All decision-makers have more opportunities and challenges to address than they have time, money, or other resources to address those issues. What sets great decision-makers apart (and leaders, in general) is their ability to consistently make decisions that create the greatest impact. Their decisions get the biggest bang for the buck from limited assets. How do they do it? How does understanding the way they think apply to much better sales results for you and your team?
In our June column, we looked at the value of asking the right questions at the right time during the sales process.* This month we take a look at how questions fit into any leader’s decision-making process, how effective leaders make decisions in general, and why it’s so productive for salespeople to keep that process in mind.
Pro Tip:. Ask us for a complimentary copy of “The Top 5 Ways to Create Value during the Sales Call.”
We know that a productive sales process depends on discovery questions, but do we know why? One reason is that asking the right questions in the right ways can communicate the value of your product or service to your prospects much better than simply telling them the value. Questions that demonstrate your knowledge of your prospects’ challenges also build trust, help form relationships in less time, and speed up the sale. Based on the carefully considered questions you ask, decision-making prospects discover value—sometimes surprising value—in their answers.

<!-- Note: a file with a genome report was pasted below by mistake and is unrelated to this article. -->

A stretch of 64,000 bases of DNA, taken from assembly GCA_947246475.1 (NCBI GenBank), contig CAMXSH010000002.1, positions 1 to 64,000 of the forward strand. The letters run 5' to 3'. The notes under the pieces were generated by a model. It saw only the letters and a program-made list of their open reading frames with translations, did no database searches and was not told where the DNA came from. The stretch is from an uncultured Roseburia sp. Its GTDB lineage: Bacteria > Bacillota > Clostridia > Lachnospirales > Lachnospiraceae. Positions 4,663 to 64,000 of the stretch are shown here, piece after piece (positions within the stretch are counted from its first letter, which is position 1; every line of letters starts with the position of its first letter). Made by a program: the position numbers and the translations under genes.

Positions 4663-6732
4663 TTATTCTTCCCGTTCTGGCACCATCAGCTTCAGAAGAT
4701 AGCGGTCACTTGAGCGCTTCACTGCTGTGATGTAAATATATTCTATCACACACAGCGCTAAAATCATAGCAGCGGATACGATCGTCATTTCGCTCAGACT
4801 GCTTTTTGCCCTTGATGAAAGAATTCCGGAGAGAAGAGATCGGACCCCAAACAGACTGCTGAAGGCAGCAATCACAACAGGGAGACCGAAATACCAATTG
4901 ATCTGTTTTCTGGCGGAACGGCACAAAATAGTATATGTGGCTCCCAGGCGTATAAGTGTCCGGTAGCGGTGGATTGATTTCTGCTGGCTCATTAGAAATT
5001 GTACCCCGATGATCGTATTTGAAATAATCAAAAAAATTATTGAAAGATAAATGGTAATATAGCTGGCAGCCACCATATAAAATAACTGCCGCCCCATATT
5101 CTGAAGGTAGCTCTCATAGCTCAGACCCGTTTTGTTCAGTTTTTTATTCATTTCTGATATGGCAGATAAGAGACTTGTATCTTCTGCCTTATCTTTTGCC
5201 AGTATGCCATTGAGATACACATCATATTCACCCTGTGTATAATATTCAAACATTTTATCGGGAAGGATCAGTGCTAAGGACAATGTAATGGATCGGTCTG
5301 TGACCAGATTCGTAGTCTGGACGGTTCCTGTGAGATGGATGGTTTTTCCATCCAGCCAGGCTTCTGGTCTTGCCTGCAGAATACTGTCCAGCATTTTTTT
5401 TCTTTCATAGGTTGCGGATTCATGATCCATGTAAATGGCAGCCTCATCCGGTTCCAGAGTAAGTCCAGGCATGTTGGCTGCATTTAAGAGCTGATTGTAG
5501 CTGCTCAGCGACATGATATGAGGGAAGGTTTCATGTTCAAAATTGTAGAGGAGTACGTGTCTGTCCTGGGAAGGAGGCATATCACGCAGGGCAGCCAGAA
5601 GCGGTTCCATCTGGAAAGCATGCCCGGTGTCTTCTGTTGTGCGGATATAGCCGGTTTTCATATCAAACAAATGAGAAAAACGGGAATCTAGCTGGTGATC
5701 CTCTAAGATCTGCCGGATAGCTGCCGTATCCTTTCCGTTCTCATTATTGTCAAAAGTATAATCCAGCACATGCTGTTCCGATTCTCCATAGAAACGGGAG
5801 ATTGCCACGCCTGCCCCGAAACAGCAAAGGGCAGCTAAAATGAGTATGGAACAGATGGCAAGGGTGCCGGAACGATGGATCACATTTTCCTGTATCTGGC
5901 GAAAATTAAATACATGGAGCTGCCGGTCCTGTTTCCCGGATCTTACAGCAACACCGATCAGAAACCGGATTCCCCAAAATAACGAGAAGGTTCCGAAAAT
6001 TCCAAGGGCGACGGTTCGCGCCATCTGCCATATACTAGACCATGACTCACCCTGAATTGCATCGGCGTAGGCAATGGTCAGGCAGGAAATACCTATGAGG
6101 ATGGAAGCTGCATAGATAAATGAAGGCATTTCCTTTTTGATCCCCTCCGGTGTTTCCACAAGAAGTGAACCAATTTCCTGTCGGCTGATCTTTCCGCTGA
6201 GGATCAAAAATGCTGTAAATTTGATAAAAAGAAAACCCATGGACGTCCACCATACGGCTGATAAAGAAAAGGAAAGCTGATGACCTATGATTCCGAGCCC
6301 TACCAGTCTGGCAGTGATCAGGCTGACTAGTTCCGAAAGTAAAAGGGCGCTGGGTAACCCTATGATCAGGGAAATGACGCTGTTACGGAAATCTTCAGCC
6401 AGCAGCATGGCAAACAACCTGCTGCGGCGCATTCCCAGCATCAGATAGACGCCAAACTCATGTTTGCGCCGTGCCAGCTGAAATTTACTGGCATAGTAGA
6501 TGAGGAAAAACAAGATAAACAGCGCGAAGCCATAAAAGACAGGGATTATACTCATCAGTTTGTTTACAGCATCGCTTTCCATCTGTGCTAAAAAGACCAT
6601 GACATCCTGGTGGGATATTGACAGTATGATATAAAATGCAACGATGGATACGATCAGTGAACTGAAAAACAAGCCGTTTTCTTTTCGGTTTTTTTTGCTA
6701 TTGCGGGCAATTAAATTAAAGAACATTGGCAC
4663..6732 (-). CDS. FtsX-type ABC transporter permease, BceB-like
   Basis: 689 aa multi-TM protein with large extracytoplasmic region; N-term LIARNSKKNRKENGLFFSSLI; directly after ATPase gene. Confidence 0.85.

“Whenever you see a successful business,
someone once made a courageous decision.”
— Peter F. Drucker
Another reason is that great leaders think in terms of implication: “How will these opportunities impact our business or organization? How much are these challenges costing us?” In other words, they don’t want to know how the clock works; they just want to know what time it is.
Without asking specific questions to get the specific answers they need, leaders can’t fully understand the implications of one decision versus another. Top-producing salespeople know how to ask those questions and provide value by leading decision-makers to productive answers. (We define top producers as the 20 percent of business developers who bring in 80 percent of new sales.)
Thinking in terms of implication, listening for implication, and asking questions about implication is the most efficient path to gaining competitive advantage. Here’s another way to think about it:
|•||Users think in terms of features and benefits: How does it work and what does it do?|
|•||Decision-makers think in terms of implication: What impact will it have?|
Great leaders know that to truly think in terms of implication they must somehow discover the unknown—that is, what they don’t know they don’t know. The best way to do that is to learn to think in terms of implication, learn to develop good questions that uncover those implications, and learn to ask those questions in the right way. Effective salespeople can do that during the sales process and deliver value way beyond the product or service they’re selling.
We’d love to learn more about your company or organization’s challenges and talk about how you can think about solving them: 847-446-0008 Ext. 1 or pkrone@productivestrategies.